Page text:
You guys, adult books take so long to read! I'm nearly a third of the way into The Hundred Thousand Kingdoms by N.K. Jemisin and it's good but it just keeps going! Sigh. So in order to at least have two books to post about this week, I totally grabbed the quickest-reading book on my TBR shelf (a novel in verse!) and downed it in one sitting. I don't know when I will finish The Hundred Thousand Kingdoms but I may have to get my YA in first each week and then go back to it.
And before I get to my reviews, a question for you all: Is anyone thinking about going to the SCBWI Winter Conference in New York? It just occurred to me that maybe that's something I might want to do. Sure would have been easier for me to do a New York conference last year, but I can still usually get there pretty cheaply and I know my way around and everything, so I'm thinking about it. (Julie Andrews is speaking. Y'all, if I met her, I'm pretty sure I would just start to cry. My history with The Sound of Music would fill its own blog post. Plus, by then I should be working on revisions and starting to think about querying, so the timing seems good.) What are your thoughts?
What I Read This Week:
Story of a Girl by Sara Zarr
My rating: 4 of 5 stars
Sara Zarr is really great at balancing high stakes with realism. Her characters start out in bad situations--like Deanna Lambert, whose father found her having sex with her older brother's best friend when she was thirteen, and who can't escape that story in her tiny town, and whose beloved older brother now lives in the basement of their parents' house with his baby and girlfriend--but they never teeter over into implausibility. She writes about people in these situations, not Teen Issues. And her characters should be required reading for any writer trying to portray teenagers working through their feelings and making choices in a real, organic way. There are no Adults With All The Answers, or Magic Moments, or Signs From The Universe. Sara Zarr's books are messy. It's what I love most about them. And in the midst of all the mess, she also manages to give her characters some resolution--not perfect, but satisfying. I'm planning to hunt down the rest of her books when I get a chance; if you haven't had a chance to read her work, definitely do so, especially if you like grounded, authentic contemporary stories.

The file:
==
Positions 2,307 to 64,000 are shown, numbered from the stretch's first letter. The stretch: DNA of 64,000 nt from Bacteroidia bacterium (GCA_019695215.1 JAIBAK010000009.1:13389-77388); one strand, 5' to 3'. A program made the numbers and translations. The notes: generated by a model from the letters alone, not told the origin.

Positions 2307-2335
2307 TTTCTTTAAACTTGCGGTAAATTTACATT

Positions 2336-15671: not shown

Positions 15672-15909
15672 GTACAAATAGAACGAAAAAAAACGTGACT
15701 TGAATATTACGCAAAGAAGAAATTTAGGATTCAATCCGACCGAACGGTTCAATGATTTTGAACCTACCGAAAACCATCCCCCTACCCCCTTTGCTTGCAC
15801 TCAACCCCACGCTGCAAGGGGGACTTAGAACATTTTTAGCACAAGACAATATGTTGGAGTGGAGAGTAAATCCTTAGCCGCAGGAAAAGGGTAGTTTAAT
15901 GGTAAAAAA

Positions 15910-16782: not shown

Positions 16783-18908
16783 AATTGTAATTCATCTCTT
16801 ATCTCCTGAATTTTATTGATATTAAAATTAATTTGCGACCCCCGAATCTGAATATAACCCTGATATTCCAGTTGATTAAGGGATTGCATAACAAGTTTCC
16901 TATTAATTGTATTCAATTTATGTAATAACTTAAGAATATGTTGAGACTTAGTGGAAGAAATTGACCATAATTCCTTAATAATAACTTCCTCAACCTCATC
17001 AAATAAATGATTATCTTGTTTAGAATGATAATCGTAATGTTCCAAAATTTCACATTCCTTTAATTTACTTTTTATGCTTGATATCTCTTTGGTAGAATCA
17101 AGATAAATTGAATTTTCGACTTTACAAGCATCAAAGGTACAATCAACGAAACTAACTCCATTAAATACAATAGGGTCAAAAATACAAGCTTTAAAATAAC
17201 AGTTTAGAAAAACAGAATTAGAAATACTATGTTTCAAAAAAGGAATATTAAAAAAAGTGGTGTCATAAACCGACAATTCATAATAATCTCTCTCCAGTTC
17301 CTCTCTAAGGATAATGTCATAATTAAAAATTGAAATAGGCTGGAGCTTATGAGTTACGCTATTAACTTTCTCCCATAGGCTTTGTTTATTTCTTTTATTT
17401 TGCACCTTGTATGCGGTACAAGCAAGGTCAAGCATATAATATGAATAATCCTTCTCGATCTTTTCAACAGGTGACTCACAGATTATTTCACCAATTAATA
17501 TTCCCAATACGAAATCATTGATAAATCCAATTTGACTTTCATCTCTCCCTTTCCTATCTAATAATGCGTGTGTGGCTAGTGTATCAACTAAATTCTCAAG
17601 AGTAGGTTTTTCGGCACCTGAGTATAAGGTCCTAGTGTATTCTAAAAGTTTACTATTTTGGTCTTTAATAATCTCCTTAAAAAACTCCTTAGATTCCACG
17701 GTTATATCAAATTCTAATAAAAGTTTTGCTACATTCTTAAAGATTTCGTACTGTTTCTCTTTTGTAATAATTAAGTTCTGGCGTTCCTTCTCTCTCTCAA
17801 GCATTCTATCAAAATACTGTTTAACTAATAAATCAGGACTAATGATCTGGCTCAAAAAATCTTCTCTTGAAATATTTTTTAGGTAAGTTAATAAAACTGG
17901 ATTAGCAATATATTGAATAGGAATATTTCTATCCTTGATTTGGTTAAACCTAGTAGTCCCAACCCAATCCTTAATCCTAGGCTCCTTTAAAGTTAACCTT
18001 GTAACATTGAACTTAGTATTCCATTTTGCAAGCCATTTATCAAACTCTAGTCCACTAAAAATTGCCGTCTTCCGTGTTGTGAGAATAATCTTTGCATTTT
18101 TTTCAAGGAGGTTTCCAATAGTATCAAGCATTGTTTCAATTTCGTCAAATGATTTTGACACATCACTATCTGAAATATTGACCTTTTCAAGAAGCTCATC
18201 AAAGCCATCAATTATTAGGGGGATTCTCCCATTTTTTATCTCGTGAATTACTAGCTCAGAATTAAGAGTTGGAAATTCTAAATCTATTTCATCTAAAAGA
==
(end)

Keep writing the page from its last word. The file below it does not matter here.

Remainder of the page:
What My Mother Doesn't Know by Sonya Sones
My rating: 4 of 5 stars
This book is often on lists of "classic" YA, meaning it's like ten years old. A novel in verse, it gets right to the heart of some of the near-universal experiences of adolescence: shopping with your mother, falling for someone cute, falling for someone not-so-cute, trying to reconcile your own feelings with your friends' feelings. It's definitely a quick read and it's a lot of fun. Sophie is funny and honest, and I really rooted for her. Some of the poems would definitely work as stand-alones, too--I kept thinking about which ones would grab my students' attention during a poetry unit. If you haven't read this, I recommend it; its relative longevity is definitely justified.
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Waiting in the Wings